Terror fails to scare investors away, Assam on the move

By Syed Zarir Hussain, IANS

Guwahati : The cycle of violence, including the spate of kidnappings and extortions by separatists, have slowed the pace of investments in Assam, although the unsavoury incidents have failed to scare investors away.

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“The recent incidents of violence did have some impact on the economic front but Assam is moving ahead compared to insurgency-afflicted states like Jammu and Kashmir. Investors are unscathed by such incidents and still showing interest,” Chief Minister Tarun Gogoi told IANS.

The chief minister, however, said militants were trying to extort money from business houses to fund their rebel campaign.

“All these kidnappings were done purely for extortion purposes by the militants. Money is what they (rebels) want,” Gogoi said.

The state has witnessed a spurt in abductions by militants – 13 people kidnapped since April, including 12 Sunday night. Three of the hostages died in captivity.

Food Corporation of India executive director Phulchand Ram – kidnapped by militants of the outlawed United Liberation Front of Asom (ULFA) April 17 – was killed in crossfire Thursday.

Kailash Jha, manager of the Cement Corporation of India, was found dead Monday, a day after he was abducted by tribal Karbi rebels.

Another state government engineer Ajay Deka – taken hostage Sunday – was found dead a day later near Guwahati. A group of surrendered ULFA rebels was reportedly involved in the murder.

To counter rebel threats, the Assam government is now planning to rope in ex-servicemen and the home guards for ensuring security of company officials in the state.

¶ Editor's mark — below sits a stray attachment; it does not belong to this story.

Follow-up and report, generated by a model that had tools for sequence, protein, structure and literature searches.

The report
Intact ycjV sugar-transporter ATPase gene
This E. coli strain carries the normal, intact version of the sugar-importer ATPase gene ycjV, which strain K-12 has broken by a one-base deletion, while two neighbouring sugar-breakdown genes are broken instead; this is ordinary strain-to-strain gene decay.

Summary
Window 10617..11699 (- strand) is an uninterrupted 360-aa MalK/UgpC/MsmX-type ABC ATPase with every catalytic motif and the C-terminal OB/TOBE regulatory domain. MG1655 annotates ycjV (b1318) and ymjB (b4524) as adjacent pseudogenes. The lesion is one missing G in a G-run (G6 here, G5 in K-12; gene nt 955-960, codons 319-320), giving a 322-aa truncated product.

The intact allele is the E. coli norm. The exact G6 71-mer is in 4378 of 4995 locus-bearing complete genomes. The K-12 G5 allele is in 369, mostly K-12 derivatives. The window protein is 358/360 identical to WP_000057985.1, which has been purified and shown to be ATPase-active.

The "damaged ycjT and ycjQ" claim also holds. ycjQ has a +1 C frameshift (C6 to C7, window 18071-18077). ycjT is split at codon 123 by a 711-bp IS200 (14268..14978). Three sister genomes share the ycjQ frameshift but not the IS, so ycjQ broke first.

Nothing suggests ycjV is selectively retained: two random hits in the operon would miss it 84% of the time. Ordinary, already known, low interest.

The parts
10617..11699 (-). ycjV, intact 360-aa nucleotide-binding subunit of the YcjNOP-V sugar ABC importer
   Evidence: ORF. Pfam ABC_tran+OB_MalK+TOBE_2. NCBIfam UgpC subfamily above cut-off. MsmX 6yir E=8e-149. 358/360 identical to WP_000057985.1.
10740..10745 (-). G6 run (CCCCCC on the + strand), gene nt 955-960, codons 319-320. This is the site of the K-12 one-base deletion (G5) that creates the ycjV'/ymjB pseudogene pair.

“We are having shortage of adequate central paramilitary forces in the state and so we are now thinking of involving ex-servicemen and home guards for providing security,” the chief minister said.

The government has also asked officials of public and private sector undertakings, vulnerable to rebel threats, to be on their guard.

“The officials should also be careful and follow security advisories given to them by the authorities while executing their duties,” Gogoi said.

The violence notwithstanding, foreign investors were keen on doing business in Assam – private investors from the US and Britain assured Gogoi of support during his recent visit to the two countries.

“I am not expecting miracles out of my visit to the two countries but it was a good beginning as we managed to establish contacts and (met) investors keen to do business here.

“People are interested to invest in sectors like petroleum, bio-diesel, healthcare, besides organic farming,” the chief minister said.

Spurred by the interest, the Assam government is planning a mega event in Britain to display the state’s investment potential, besides promoting its rich art and culture.

“There is no doubt that we would get investments from the two countries in the very near future,” Gogoi said.

The bottom-line, however, remains that Assam wants peace and an end to insurgency for all-round economic development.

“Peace is the foremost requirement and so I am once again reiterating that our doors for talks with the ULFA are always open. But at the same time we cannot slow down our counter-insurgency operations,” the chief minister said.

Whether the carrot-and-stick policy will yield results is another matter, but Gogoi said the state must move on with development being the mantra of his government.

“We want development to continue unhindered,” he said.